Four out of five stars

Many thanks to Karl Drinkwater for providing me with a copy of They Move Below in exchange for an honest review.

They Move Below by Karl Drinkwater was published in the UK by Organic Apocalypse on 24th May 2016 and is available in paperback and eBooks formats | amazon.co.uk | amazon.com | Waterstones | Goodreads |

Smith & Sons (11)

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Karl Drinkwater is originally from Manchester but has lived in Wales for over fifteen years, ever since he went there to do a Master’s degree: it was easier to stay than to catch a train back. His longest career was in librarianship (25 years); his shortest was industrial welding (1 week).

He started writing stories when he was 9, and hasn’t stopped. His writing sometimes spends time in the sunlit patches of literary fiction, where it likes to picnic beneath an old oak tree, accompanied by a bottle of wine, some cake, and soul-searching peace. At other times his words slope off into the dark and tense shadows of horror fiction, and if you follow them you might hear chains rattling behind locked doors and the paranoid screams of the lost echoing in the distance. There is no obligation to enjoy both of those avenues. His aim is to tell a good story, regardless of genre, but it always comes down to life, death, and connection.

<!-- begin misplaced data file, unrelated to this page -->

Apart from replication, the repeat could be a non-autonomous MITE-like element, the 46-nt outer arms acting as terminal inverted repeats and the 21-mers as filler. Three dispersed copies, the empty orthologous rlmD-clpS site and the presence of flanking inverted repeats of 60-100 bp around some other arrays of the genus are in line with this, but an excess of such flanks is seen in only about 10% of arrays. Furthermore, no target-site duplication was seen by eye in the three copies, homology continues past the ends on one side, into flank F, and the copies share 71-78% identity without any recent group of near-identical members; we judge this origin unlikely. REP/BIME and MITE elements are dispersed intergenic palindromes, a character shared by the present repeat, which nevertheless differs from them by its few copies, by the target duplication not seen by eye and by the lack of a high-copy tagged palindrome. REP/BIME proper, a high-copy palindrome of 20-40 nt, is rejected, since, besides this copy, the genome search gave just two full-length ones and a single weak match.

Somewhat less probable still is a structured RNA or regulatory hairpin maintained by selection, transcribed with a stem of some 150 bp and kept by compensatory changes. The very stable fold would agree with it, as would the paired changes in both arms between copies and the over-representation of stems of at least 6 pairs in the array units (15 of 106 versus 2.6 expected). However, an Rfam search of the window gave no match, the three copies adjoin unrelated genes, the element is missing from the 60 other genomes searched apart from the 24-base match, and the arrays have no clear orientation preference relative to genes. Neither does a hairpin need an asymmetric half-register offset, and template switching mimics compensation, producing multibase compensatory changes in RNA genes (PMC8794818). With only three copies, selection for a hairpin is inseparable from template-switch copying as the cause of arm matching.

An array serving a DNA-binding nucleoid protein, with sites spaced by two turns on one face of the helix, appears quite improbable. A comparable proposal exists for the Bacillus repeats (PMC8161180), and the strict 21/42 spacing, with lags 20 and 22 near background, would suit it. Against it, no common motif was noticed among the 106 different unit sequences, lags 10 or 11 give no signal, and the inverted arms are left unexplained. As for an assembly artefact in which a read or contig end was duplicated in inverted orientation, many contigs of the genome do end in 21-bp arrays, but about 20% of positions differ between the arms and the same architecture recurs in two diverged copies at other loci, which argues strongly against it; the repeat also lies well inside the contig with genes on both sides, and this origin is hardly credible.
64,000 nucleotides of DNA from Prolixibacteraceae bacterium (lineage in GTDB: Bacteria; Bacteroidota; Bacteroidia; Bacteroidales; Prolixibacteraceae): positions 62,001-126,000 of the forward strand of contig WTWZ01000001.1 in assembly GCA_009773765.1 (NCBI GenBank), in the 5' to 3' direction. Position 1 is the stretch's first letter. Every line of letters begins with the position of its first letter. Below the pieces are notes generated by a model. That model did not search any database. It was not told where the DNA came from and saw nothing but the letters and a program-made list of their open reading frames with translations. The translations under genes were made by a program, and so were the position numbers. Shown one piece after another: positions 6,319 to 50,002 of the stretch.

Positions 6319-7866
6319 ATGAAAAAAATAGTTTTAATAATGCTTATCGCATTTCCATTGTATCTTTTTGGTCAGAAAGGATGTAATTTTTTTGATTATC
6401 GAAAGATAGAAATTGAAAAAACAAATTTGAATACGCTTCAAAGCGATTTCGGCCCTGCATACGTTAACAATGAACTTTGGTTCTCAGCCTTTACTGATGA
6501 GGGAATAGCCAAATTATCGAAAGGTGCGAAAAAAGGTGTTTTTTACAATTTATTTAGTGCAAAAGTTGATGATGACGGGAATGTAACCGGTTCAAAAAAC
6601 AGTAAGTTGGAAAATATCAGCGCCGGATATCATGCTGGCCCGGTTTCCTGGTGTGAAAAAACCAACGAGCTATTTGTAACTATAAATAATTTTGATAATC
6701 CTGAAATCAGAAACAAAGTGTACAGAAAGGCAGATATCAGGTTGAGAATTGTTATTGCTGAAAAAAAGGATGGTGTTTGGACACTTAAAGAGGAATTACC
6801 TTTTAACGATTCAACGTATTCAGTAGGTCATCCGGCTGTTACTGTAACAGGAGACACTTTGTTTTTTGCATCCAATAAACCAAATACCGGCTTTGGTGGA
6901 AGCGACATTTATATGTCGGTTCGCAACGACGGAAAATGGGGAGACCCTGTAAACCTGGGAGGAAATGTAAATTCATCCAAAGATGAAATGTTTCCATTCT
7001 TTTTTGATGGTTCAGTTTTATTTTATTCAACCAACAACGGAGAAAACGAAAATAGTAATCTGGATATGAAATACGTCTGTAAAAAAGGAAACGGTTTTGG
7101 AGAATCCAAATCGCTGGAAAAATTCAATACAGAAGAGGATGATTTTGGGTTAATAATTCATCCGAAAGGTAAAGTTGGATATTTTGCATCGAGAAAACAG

When he isn’t writing or editing he loves exercise, computer games, board games, the natural environment, animals, social justice, and zombies; not necessarily in that order.

karldrinkwater.blogspot.com

@karldrinkwater

facebook.com/karlzdrinkwater